Dr. Bennet Omalu, pioneer football neuro-pathologist, said ImPACT testing is “a fraud” as concussion diagnostic, criticizing anyone claiming it a quick fix, ranging from marketer to politician, for epidemic brain trauma in the game.
“ImPACT testing is not a diagnosis tool,” Omalu, chief medical examiner of San Joaquin County, California, said in a phone interview. “It is a forensic follow-up to monitoring a patient, to evaluate the amount of damage. Using (computerized) testing in the acute phase of injury can actually make the symptoms worse. Am I making sense?”
Journal reviewer Dr. Lester Mayers cites lack of specificity and sensitivity of NP products on mass market. “Basically, they’re all unsuitable for clinical work with concussions,” Mayers said, estimating 20 to 25 percent of afflicted athletes are missed.
The public rhetoric and expectation of ImPACT for solving football’s head injuries, much less protect game personnel in court, leaves independent experts confounded.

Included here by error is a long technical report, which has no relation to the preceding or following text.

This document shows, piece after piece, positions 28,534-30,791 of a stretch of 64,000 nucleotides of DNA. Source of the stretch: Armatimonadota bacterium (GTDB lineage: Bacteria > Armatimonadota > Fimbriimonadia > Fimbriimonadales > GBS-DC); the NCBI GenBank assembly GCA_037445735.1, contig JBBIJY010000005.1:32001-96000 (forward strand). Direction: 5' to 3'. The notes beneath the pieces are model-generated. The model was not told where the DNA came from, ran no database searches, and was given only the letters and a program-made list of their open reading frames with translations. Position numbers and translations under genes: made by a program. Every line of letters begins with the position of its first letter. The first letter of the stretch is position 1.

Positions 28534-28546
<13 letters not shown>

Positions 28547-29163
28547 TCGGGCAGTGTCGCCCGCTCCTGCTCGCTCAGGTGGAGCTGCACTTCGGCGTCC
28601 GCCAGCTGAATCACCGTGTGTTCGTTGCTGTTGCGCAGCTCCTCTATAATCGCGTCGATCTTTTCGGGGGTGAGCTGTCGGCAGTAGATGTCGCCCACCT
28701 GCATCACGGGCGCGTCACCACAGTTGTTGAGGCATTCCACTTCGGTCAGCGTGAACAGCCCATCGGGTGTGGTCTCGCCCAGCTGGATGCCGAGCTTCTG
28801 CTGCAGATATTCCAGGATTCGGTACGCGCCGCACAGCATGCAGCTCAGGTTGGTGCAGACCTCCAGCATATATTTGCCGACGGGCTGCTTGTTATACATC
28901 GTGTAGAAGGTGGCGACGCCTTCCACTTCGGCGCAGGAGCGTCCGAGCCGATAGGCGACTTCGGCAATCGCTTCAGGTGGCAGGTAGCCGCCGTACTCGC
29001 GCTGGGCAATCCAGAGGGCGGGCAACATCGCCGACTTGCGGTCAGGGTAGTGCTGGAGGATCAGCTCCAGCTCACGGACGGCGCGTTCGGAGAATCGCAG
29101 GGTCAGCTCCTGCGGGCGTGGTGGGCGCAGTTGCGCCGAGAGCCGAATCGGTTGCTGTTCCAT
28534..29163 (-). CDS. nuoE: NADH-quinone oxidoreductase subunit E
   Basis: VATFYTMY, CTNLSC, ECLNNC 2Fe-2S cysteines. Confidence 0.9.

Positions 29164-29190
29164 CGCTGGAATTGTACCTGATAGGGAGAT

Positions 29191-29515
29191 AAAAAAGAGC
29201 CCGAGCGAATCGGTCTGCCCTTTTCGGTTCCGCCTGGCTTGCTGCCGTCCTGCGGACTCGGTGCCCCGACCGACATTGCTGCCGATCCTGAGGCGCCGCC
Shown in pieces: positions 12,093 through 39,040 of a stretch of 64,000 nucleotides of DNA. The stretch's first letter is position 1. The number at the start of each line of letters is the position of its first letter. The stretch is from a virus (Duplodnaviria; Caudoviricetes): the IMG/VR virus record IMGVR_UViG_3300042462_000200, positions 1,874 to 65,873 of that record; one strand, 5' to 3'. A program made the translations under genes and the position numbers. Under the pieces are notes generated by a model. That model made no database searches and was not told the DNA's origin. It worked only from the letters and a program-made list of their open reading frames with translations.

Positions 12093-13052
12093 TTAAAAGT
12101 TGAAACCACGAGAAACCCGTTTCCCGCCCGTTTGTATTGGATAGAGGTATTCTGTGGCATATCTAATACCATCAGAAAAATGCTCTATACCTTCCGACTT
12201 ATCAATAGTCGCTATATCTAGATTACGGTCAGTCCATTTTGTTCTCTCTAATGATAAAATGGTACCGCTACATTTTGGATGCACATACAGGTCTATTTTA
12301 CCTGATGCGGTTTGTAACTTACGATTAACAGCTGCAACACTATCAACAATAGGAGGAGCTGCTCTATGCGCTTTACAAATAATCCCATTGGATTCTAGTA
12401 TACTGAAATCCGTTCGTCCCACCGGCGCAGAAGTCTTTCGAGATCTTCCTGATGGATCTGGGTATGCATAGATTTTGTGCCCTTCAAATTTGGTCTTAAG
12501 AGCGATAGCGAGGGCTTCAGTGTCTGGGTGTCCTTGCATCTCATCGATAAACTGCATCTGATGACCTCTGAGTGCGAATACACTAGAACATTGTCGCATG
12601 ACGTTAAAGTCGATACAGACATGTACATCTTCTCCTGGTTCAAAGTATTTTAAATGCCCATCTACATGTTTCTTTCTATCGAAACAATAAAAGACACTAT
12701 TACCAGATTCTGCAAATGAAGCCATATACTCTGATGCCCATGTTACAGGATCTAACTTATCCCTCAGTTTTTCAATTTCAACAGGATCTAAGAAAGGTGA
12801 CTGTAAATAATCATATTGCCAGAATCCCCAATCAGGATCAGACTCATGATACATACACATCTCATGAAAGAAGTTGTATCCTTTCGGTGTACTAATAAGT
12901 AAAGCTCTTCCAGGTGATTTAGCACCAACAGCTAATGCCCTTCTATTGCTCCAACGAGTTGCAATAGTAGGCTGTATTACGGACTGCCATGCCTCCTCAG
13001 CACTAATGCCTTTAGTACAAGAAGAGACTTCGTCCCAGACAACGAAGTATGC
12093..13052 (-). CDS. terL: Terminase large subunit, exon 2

“The response is infantile,” said Mayers, director of sports medicine for Pace University Athletics, during a phone interview. “The ImPACT people have taken over the idea that somehow they can tell you when it’s OK that the athlete goes back.”
Insurers see problems already, before a possible trial test like the pending Dougherty family lawsuit. Some insurers determine computerized concussion testing raises liability risk for schools and personnel and decline to underwrite the practice, for concern of either misuse or faulty technology.
Most recently, a statement of the Army Surgeon General’s Office reads in part: “the scientific community has yet to identify an objective biomarker or other test that accurately determines when the brain has completely healed from the concussion.”